provide below intersects with the scholarly work of Rubery in at least two respects. As noted, the main intersection is with her research on the consequences of the demise of the standard employment contract. An additional intersection concerns the shape such a demise can take, especially in feminised areas such as care work. Rubery and her co-authors coined the term ‘fragmented time practices’ (see also Chapter 6) to group different forms of de-­commodification within the care sector. Towards the end of the chapter we explore similarities and differences with the

in Making work more equal
Open Access (free)
Caring performance, performing care
Amanda Stuart Fisher

and Educational Environment ( 1992 ), for example, Pam Smith examines the caring work of nursing as a mode of emotional labour. Positioning care as a mode of professional labour that incorporates practical skill and various modes of empathic engagement with others, Smith’s thesis draws on Arlie Hochschild’s theorisation around ‘emotional labour’ as developed in her book, The Managed Heart: Commercialization of Human Feeling ( 2012 ), where she considers the unacknowledged caring work of air hostesses. The emotional labour of caring has also been explored in other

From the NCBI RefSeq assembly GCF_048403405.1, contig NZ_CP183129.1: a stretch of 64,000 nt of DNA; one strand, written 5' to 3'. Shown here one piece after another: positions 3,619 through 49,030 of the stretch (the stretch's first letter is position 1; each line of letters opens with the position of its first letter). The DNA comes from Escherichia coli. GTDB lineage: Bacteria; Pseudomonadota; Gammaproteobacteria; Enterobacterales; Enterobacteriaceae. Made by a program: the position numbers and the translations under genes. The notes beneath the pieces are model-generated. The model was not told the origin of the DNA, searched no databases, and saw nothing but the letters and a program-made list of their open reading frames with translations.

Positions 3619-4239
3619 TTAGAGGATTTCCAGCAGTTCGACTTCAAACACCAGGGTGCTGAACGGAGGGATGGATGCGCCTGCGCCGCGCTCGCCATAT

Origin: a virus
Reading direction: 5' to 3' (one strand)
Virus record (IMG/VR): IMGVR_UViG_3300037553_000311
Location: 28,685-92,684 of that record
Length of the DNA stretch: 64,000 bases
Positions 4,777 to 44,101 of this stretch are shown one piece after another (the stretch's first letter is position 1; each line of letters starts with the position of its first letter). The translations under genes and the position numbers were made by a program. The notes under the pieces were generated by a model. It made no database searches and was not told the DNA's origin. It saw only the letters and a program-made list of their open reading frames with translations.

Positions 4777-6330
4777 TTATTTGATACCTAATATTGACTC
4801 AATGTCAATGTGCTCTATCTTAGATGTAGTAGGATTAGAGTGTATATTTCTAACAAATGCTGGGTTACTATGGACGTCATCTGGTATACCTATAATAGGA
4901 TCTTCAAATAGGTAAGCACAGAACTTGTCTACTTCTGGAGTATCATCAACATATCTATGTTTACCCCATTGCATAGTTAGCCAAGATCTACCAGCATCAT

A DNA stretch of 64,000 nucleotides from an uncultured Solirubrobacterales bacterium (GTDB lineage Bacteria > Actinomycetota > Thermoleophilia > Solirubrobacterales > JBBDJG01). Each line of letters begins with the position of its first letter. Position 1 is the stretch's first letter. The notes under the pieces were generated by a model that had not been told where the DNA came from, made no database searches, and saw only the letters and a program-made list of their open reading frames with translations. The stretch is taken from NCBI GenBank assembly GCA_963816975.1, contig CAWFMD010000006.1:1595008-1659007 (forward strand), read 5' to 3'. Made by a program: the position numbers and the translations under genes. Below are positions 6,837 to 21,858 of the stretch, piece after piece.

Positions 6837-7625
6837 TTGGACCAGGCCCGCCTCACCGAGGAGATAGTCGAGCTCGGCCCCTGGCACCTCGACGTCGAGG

in Performing care
Open Access (free)
A practical politics of care
Caoimhe McAvinchey

Tronto notes, where care work is paid, it is often gendered, raced and classed and that ‘those who are least well off in society are disproportionately those who do the work of caring, and that the best-off members of society often use their positions of superiority to pass caring work off to others’ ([1993] 2009 : 113). This marginalisation and devaluing of care work further facilitates the construction of ‘otherness’ – of both the carer and cared for – through power and privilege. Tronto disaggregates the idea of care from women’s work and women’s morality and